I have daydreamed lately about what it must be like to swim in lanes seven or eight. Those in these lanes swim so fast, covering three or four times the distance I do in the same alloted time, but when they are finished, they do not look tired. Will I ever be promoted to lane seven or lane eight? I would be satisfied with seven, where the swimming is slippery, as though the swimmers are fish rather than human. If you are a scholar of the Bible, you know the importance of seven. Seven days of Passover, seven years of plenty followed by seven years of famine, seven loaves and fishes. And of course, seven days to create the world, with the seventh day reserved for rest, or perhaps for some slippery swimming. Seven means completeness. Eight is a whole other dimension, another zone. Turn an 8 on its side and you have infinity. Those in lane eight are so fast that I question whether they really are human, or perhaps space aliens sent here with really good disguises. The water is no barrier for them; it is as though they swim through space.

This week, I arrived at swim practice a little early, and another class was still swimming. I noticed they were swimming in lanes seven and eight. Although they appeared human in some respects, they were somehow different. For one thing, they looked very fast. Suddenly, Coach Michael called my name, "Amy, come swim. We need another swimmer for this relay." I grabbed my swim cap and lined up, in lane seven. My daydream was coming true! For fifty yards, I was going to swim with the slippery sevens, trying to best the infinite eights.

I looked around at the space alien swimmers, like me in some ways, different in others, and recalled an episode of the Twighlight Zone called "To Serve Mankind." Do you remember this episode? Short beings with giant heads pilot to earth in a spaceship that looks like the Markel Building out near Willow Lawn. They appear benevolent and say they want to help humans. They even have written a book called "To Serve Mankind." A group of humans agree to visit the alien planet and begin to board the spaceship. As the door closes, a woman runs out and shouts, "Don't go! Don't go! 'To Serve Mankind' is a . . . cookbook!"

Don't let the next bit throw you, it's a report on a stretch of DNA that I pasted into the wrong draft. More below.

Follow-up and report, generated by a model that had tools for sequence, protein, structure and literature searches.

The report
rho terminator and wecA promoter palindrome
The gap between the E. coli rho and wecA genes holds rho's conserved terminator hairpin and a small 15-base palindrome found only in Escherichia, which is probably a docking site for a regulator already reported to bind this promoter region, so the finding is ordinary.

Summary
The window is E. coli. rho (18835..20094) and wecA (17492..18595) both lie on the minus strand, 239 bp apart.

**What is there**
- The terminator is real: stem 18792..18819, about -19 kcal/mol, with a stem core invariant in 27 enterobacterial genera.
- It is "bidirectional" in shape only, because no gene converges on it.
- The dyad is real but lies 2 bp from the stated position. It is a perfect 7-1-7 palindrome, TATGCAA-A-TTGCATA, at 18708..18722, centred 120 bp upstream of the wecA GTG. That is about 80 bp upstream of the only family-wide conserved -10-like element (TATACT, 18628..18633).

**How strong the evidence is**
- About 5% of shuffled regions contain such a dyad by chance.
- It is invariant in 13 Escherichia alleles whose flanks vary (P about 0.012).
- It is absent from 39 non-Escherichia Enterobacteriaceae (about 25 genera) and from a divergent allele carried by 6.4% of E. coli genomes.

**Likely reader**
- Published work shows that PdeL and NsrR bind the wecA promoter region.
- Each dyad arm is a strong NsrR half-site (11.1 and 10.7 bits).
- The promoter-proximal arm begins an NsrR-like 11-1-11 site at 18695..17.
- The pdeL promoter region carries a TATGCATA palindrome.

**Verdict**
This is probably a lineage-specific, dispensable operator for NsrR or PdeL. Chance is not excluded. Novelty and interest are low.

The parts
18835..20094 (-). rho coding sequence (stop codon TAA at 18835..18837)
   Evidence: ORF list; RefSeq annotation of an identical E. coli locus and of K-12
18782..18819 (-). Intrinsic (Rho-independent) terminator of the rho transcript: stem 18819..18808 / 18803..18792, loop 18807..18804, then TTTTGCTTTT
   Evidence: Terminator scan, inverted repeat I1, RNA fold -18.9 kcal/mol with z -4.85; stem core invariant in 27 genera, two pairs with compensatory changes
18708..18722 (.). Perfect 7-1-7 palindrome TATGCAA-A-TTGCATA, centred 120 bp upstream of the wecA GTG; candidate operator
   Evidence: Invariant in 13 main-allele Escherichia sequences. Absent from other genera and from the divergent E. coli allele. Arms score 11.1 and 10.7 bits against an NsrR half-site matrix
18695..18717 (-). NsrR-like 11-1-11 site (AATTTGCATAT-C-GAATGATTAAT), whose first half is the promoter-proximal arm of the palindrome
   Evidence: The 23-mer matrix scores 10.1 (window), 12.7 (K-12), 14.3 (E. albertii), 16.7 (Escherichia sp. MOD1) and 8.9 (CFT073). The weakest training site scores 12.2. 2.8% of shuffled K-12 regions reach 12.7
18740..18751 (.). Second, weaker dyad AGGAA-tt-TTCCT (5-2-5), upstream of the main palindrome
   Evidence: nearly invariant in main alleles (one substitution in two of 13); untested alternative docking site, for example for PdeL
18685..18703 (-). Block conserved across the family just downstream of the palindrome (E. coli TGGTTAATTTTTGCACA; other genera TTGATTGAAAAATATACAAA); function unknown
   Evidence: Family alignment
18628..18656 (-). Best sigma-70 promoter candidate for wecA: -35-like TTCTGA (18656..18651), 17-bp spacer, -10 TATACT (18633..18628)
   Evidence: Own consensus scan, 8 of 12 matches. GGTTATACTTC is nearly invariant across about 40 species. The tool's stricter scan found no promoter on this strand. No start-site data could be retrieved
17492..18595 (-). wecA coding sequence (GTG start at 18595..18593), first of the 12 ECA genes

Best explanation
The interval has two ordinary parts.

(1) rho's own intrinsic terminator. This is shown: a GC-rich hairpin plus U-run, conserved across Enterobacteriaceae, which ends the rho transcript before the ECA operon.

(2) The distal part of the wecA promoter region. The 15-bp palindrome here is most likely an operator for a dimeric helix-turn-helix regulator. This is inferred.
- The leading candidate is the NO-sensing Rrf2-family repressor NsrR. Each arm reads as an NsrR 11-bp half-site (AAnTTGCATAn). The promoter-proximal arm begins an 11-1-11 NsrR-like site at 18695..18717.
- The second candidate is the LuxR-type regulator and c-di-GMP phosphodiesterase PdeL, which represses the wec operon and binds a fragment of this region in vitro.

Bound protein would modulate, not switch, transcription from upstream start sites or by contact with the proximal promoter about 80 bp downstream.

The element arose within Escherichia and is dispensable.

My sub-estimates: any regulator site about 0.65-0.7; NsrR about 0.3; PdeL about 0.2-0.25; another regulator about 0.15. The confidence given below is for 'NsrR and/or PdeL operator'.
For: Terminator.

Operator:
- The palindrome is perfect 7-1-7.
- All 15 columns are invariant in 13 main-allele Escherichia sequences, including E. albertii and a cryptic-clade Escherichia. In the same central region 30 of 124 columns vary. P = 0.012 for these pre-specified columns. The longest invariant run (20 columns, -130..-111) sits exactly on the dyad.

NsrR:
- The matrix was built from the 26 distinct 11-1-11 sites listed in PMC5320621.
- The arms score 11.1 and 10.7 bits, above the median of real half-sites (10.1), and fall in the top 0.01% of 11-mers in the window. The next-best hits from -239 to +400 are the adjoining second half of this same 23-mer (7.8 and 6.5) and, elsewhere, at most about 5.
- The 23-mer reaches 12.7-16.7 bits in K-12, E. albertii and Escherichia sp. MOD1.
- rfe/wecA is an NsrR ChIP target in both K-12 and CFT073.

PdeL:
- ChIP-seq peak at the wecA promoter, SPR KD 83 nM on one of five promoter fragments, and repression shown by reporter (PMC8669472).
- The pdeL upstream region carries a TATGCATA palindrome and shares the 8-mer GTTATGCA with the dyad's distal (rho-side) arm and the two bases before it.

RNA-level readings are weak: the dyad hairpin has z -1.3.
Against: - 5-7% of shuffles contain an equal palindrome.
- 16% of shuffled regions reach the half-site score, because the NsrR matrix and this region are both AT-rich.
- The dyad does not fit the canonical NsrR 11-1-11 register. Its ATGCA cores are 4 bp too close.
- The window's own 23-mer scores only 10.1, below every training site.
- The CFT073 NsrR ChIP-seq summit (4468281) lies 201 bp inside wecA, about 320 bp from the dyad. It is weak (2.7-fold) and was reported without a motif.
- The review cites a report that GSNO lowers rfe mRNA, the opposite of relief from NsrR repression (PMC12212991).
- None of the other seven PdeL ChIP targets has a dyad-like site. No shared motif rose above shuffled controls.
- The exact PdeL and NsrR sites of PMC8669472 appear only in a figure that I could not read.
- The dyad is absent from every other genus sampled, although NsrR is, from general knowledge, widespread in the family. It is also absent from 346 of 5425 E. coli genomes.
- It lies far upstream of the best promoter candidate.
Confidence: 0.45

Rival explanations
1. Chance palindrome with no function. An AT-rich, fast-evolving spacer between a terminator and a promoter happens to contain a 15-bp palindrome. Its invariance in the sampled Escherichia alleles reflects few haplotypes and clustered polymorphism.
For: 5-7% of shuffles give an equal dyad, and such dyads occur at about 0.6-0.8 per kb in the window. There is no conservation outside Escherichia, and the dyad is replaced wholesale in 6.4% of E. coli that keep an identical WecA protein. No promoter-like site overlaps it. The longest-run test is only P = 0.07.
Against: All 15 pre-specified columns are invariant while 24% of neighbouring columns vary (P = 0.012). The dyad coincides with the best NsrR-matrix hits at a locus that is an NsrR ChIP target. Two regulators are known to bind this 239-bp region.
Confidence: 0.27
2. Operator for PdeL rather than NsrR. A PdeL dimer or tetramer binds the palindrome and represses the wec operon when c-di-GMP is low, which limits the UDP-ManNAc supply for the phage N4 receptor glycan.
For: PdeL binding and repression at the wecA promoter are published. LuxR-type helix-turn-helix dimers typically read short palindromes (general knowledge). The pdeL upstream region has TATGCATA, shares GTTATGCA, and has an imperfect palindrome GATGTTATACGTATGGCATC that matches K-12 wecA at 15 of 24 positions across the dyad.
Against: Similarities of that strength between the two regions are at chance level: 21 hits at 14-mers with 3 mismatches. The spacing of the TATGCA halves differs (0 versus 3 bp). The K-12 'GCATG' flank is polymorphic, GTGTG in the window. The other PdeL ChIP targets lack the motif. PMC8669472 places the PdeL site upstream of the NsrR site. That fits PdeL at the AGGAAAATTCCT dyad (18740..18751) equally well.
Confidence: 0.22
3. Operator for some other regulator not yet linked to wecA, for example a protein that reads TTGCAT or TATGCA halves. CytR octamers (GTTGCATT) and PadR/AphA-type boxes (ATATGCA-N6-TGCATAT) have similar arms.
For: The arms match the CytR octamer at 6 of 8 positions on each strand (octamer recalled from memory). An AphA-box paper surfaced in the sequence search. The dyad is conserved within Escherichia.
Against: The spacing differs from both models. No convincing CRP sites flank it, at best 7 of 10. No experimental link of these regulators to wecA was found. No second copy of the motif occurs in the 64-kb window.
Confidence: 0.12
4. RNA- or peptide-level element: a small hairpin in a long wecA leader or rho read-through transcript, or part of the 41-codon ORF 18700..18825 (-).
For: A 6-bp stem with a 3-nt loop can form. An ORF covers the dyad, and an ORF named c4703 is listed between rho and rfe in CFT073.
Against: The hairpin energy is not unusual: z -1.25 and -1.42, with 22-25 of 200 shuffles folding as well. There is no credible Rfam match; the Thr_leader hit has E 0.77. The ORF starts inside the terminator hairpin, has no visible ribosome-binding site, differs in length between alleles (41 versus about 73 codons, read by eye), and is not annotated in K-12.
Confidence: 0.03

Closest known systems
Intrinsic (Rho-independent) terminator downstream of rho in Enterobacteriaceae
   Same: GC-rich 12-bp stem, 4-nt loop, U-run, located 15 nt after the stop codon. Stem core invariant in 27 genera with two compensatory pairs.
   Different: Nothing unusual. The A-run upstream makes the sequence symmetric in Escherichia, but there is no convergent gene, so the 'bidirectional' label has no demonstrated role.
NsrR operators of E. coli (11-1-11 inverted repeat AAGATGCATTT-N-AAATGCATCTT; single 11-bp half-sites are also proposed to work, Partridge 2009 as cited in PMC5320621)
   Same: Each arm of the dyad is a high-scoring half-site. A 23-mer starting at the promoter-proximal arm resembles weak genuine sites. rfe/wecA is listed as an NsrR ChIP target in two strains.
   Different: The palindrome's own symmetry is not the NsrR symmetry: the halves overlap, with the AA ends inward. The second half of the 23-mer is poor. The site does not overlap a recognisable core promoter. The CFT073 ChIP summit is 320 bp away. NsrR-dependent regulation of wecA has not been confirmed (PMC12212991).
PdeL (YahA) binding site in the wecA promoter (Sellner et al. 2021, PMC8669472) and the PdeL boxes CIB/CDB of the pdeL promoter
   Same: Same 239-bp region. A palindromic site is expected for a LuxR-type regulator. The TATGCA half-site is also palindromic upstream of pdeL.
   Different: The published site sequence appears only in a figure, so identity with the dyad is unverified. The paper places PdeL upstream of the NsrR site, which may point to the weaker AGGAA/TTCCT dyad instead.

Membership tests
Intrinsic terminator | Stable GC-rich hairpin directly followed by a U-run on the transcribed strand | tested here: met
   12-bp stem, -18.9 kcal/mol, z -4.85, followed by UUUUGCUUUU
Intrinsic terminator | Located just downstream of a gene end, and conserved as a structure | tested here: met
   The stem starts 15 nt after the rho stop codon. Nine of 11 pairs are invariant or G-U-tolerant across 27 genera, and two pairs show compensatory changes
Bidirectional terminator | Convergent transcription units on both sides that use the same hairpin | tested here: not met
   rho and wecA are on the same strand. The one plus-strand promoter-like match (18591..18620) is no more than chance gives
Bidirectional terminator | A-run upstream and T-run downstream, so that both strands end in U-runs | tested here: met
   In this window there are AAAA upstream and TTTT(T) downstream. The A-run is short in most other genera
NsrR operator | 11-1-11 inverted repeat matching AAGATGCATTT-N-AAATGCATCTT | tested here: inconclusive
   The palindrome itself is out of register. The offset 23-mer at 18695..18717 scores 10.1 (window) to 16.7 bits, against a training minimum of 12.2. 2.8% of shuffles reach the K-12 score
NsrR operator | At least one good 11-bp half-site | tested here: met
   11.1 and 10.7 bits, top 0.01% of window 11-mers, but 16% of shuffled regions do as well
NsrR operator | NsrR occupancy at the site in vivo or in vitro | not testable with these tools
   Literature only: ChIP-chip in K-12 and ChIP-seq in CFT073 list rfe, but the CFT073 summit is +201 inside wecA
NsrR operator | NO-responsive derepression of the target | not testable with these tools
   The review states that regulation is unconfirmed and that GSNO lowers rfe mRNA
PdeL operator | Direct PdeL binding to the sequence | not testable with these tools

But it was too late; I was already in the water, in the boiling cauldron. Coach Michael shouted, "GO!" so I swam was fast as I could in lane seven. Down and back. When I hit the wall, I looked up to see whether I had beaten the female alien in lane eight. She was finished, relaxed. She looked like she'd had time to eat a peanut butter sandwich while she waited for me. Perhaps this was good--nobody appeared to be hungry, so I was allowed to leave gracefully, congratulating the winning team as I exited.

It was a great experience, swimming with the sevens and eights, if only for a brief moment. I got out and asked Coach Michael a bit more about the identity of these space aliens. It turns out there were no sevens there, only eights: Eight-year olds from Endorphin Fitness's youth group. Perhaps one day, if I work really hard, I will be as fast as they are. But I'll settle for seven.